Food aid more harm than good

Thursday, 13 September, 2007

Food aid to developing countries could actually worsen rural poverty and distort global trade, according to a report by the Rural Industries Research and Development Corporation (RIRDC).

"In many cases food aid can compete with domestic agricultural production and imports, inhibiting internal markets," said (RIRDC) chairperson Mary Boydell.

Boydell was launching the RIRDC report Food Aid and Agricultural Trade Reform, which examines the economic impact that food aid can have on market conditions in recipient countries and on world trade.

"Genuine emergency food aid prevents loss of life in emergency situations and the research suggests that this type of aid needs to be clearly distinguished from trade-distorting disposal of surpluses by developed economies," Boydell said.

In many developing countries the rural sector is characterised by small-scale farmers who produce food for their own consumption and sell small quantities to generate cash income. Non-targeted food aid affects the local markets for their produce, and can worsen rural poverty.

Food aid also has international trade-distorting effects, reducing demand for commercial imports into food-deficit countries.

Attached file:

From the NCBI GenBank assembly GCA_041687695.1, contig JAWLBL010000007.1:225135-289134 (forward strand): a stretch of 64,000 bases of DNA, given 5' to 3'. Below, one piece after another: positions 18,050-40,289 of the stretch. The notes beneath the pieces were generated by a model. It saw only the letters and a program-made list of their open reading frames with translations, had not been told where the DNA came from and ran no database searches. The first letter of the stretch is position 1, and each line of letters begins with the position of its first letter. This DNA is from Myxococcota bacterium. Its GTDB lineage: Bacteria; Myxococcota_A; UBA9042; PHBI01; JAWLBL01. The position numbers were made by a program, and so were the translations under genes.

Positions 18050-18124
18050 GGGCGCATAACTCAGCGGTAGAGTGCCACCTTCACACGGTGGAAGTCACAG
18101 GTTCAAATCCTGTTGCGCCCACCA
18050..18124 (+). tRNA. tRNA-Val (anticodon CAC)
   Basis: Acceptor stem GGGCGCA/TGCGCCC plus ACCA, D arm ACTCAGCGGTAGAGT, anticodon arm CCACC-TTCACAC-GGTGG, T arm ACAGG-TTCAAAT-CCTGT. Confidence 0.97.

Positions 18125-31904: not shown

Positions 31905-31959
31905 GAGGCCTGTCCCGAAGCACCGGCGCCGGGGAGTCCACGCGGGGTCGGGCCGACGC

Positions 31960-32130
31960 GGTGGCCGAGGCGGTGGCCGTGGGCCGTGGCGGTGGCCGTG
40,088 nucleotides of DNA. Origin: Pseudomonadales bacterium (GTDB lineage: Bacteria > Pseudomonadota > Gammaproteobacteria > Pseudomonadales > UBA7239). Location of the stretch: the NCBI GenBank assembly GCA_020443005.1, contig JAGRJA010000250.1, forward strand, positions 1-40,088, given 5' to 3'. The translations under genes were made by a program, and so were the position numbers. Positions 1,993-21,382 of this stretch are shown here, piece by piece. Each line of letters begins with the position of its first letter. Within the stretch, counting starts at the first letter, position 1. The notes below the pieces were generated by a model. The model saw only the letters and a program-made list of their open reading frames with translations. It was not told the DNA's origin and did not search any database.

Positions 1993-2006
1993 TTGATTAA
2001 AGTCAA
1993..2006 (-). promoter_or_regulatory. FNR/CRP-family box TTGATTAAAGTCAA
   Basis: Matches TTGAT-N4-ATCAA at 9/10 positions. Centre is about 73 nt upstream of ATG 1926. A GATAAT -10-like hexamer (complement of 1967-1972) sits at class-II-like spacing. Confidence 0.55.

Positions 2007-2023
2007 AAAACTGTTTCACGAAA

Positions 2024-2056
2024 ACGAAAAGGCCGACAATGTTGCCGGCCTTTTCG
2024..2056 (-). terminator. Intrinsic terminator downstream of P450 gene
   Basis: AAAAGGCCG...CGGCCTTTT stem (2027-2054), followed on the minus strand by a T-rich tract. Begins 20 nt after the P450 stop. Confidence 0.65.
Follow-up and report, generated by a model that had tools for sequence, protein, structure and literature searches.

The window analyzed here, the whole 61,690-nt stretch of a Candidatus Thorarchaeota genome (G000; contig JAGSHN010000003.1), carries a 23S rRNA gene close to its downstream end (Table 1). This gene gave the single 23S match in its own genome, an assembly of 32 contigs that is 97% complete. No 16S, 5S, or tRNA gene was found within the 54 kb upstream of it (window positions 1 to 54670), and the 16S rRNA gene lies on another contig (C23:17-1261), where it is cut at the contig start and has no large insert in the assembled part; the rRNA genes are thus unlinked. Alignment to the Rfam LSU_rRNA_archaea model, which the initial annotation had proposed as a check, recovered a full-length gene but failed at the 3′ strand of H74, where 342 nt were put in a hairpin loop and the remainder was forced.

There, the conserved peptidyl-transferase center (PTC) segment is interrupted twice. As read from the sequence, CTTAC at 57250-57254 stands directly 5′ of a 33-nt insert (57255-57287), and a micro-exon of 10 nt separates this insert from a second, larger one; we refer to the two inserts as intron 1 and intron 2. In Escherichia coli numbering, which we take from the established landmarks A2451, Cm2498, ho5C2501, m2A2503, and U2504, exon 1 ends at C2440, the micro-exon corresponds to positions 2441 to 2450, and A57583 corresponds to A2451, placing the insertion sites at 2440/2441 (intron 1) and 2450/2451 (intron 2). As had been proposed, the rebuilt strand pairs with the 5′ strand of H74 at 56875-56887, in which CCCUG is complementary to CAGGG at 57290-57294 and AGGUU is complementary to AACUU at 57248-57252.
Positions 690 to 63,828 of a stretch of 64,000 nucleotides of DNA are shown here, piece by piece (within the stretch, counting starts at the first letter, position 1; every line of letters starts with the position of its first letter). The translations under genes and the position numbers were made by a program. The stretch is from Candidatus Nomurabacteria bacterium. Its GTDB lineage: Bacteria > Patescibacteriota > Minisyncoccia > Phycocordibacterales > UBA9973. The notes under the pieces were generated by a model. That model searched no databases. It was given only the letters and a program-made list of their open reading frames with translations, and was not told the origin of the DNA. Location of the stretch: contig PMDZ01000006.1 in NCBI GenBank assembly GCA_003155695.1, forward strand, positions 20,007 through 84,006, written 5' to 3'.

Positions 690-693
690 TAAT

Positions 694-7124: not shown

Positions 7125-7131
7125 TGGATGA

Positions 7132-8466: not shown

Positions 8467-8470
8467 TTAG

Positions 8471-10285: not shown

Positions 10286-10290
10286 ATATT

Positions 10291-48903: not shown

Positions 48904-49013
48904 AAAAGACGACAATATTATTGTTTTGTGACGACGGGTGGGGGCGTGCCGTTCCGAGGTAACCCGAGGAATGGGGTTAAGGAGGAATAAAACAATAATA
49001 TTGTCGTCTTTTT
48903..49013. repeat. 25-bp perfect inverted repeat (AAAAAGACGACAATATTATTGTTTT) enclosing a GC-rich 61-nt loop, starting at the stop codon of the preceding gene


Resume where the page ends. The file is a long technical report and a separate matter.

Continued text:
The objective of the research was to examine concerns about the use of food aid as a form of export assistance, by reviewing global developments in food aid since the UR Agreement on Agriculture was implemented in 1995.

"Emergency relief and short-term assistance to prevent loss of life are reasonable responses to crisis situations, but if non-emergency food aid acts as a substitute for commercial trade in food on domestic and global markets, this can obstruct economic development," said Boydell.

The report recommends a World Trade Organization agreement should establish a set of principles to identify when food aid is required in an emergency situation. Careful consideration should be given to the forms of aid provided in non-emergency situations to prevent distortions of the market.

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